March 4 is marked as International HPV (Human Papillomavirus) Awareness Day. The virus is a Sexually Transmitted Infection (STI), which is infected by the skin or the mucous membranes (oral, genital or anal) and, when it presents precursor lesions not treated early, it can progress to cancer, in particular of the cervix.
Among the main forms of prevention is the HPV vaccine, offered by the Municipality of Aracaju, by the Unified Health System, for the vaccination of children and adolescents aged 9 to 14 years.
People living with HIV/AIDS, transplant patients and cancer patients who have a common immunosuppression condition, as long as they have a medical report with proof, are also vaccinated. In 2021, Aracaju had a total of 17,139 people vaccinated with the human papillomavirus (HPV) vaccine, as explained by the coordinator of the municipal vaccination program, Yuri Belchior.
“The HPV vaccine offered by SUS has a two-dose cycle, with a six-month application interval between them, and protects against the four most common virus types in the country. It is not a treatment, but a form of prevention. Therefore, we encourage vaccination before the start of sexual life”, guides the coordinator.
According to the municipal health department’s STI/AIDS program coordinator, Débora Oliveira, between 2018 and 2021, 433 cases of HPV were reported in the capital, with 120 reported last year.
“Patients who present with lesions caused by HPV infection are initially monitored by the Primary Care Network, in the Basic Health Units, and depending on the degree of the lesion, they begin to receive treatment in the Specialized Network, with a gynecologist or a urologist, at Cemar Siqueira Campos,” explains Débora.
diagnosis and treatment
When they need specialized care, patients are referred to the Medical Specialty Center of Aracaju (Cemar – Siqueira Campos); women are referred for follow-up to a gynecologist and men are seen at the Specialized Care Service (SAE) and, if necessary, referred to the urologist. According to gynecologist Ivi Gonçalves, the patients referred are those who have a cytological examination with an altered result.
“They perform this examination in primary care, and when there is a change, they are referred to Cemar to confirm the diagnosis by biopsy or repeat the examination and start treatment, if necessary. From examination of the slides, cellular changes caused by the presence of the virus can be detected. At Cemar, colposcopy examinations are carried out to identify the site of the lesion and perform a biopsy”, specifies the doctor.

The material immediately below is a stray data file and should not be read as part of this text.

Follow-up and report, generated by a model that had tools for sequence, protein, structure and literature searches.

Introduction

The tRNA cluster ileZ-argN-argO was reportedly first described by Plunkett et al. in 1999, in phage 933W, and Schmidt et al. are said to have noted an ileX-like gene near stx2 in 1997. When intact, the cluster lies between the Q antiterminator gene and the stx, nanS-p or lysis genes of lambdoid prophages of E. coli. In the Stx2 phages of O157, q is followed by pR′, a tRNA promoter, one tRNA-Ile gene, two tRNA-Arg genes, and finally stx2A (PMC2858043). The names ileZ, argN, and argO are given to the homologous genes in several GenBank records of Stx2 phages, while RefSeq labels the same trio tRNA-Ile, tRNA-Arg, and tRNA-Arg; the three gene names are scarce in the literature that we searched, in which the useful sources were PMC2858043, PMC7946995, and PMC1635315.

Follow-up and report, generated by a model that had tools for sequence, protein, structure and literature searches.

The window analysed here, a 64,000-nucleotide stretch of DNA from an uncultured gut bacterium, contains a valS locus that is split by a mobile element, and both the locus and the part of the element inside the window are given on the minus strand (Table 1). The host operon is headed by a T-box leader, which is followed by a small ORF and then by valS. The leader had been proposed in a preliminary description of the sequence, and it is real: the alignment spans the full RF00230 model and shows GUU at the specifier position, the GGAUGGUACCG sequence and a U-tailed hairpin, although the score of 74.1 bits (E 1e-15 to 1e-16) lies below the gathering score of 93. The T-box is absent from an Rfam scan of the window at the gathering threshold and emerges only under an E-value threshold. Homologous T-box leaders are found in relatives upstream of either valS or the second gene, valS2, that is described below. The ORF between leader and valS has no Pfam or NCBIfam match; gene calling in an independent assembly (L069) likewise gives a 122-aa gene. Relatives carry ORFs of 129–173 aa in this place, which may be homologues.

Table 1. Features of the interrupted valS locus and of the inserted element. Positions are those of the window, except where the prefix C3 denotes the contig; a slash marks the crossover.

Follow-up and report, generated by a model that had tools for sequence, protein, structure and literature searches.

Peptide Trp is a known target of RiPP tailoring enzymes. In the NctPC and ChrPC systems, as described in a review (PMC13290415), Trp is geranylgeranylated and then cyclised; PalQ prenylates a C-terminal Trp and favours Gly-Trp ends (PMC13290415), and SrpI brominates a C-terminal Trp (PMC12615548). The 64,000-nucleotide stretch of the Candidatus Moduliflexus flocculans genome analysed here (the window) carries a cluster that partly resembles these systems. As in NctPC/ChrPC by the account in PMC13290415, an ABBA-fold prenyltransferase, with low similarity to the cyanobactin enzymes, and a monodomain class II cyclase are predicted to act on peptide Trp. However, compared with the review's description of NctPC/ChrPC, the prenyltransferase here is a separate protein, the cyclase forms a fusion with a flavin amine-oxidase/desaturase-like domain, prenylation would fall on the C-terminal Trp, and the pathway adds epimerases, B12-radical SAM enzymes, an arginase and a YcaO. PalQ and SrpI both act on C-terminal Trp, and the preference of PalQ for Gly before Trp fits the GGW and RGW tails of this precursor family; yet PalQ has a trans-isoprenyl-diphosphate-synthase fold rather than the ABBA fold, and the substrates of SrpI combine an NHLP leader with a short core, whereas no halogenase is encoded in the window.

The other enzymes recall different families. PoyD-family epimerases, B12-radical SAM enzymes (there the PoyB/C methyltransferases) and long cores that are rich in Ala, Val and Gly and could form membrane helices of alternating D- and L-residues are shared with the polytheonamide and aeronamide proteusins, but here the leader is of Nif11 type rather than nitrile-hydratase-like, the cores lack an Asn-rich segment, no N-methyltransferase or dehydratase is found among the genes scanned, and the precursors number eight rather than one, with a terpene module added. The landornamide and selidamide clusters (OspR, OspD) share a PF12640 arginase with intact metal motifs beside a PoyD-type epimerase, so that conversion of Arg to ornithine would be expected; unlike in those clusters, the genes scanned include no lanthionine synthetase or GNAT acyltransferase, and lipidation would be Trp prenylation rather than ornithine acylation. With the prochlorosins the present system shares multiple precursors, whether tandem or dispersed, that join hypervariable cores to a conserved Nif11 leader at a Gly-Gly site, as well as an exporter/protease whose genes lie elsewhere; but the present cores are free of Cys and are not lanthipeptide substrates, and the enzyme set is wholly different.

Also according to the gynecologist, the type of treatment will depend on the degree of injury. When this is of low degree, it can only be followed or carried out with electrocoagulation. High-grade lesions are removed in an outpatient clinic, under local anesthesia.
“After that, we do the follow-up, that is, four slide reviews with negative results, within a six-month interval. With this, the patient is again followed by primary care, for her annual screening. In this case, she does this annual screening for five years,” adds Ivi.
Male HPV cases are treated at the Specialized Care Service (SAE), located inside the Cemar Siqueira Campos building. As with other STIs, this service is provided by professional nurses, where currently in the service the team is made up of four nurses, two per shift.
The service is performed on spontaneous request, without the need for referral, and in patients with simple condyloma (genital and perianal), cauterization is performed with the application of trichloroacetic acid (ATA) 80%, in the outpatient clinic of the unit.
“When there are cases of patients with condyloma in large numbers or requiring surgery, as well as patients with lesions suggestive of cancer, we refer them to the urologist. This appointment is made at the SAE, depending on the places available, and the service is provided at the university hospital, ”says the nurse at the Cemar polyclinic, Marta Regina Goes Santos.
HPV and cancer
According to Doctor Ivi Gonçalves, there are more than 200 types of HPV, 40 of which affect the genital, oral and anal areas. About 13 types are responsible for cervical cancer, the most common being strains 16 and 18, which are covered by the vaccine.
According to the National Cancer Institute (INCA), cervical cancer is the third most recurrent malignancy in women and the fourth leading cause of death in the female population due to the disease in the country.
“The relationship between the HPV virus and cervical cancer is very strong, because to have this type of cancer you must have been in contact with the virus, which is why prevention work is so important”, underlines the gynecologist Ivi Gonçalves.
Among the forms of prevention, in addition to the use of condoms during sexual intercourse, which also makes it possible to prevent other STIs, vaccination and regular preventive examinations are essential. “With the start of sexual life, the preventive examination will be the means of detecting precursor lesions, before they become invasive and evolve into cancer”, warns the doctor.
When not identified and treated early, these precursor lesions can develop into cervical cancer and can also affect the vagina, vulva, anus, penis, oropharynx, and mouth.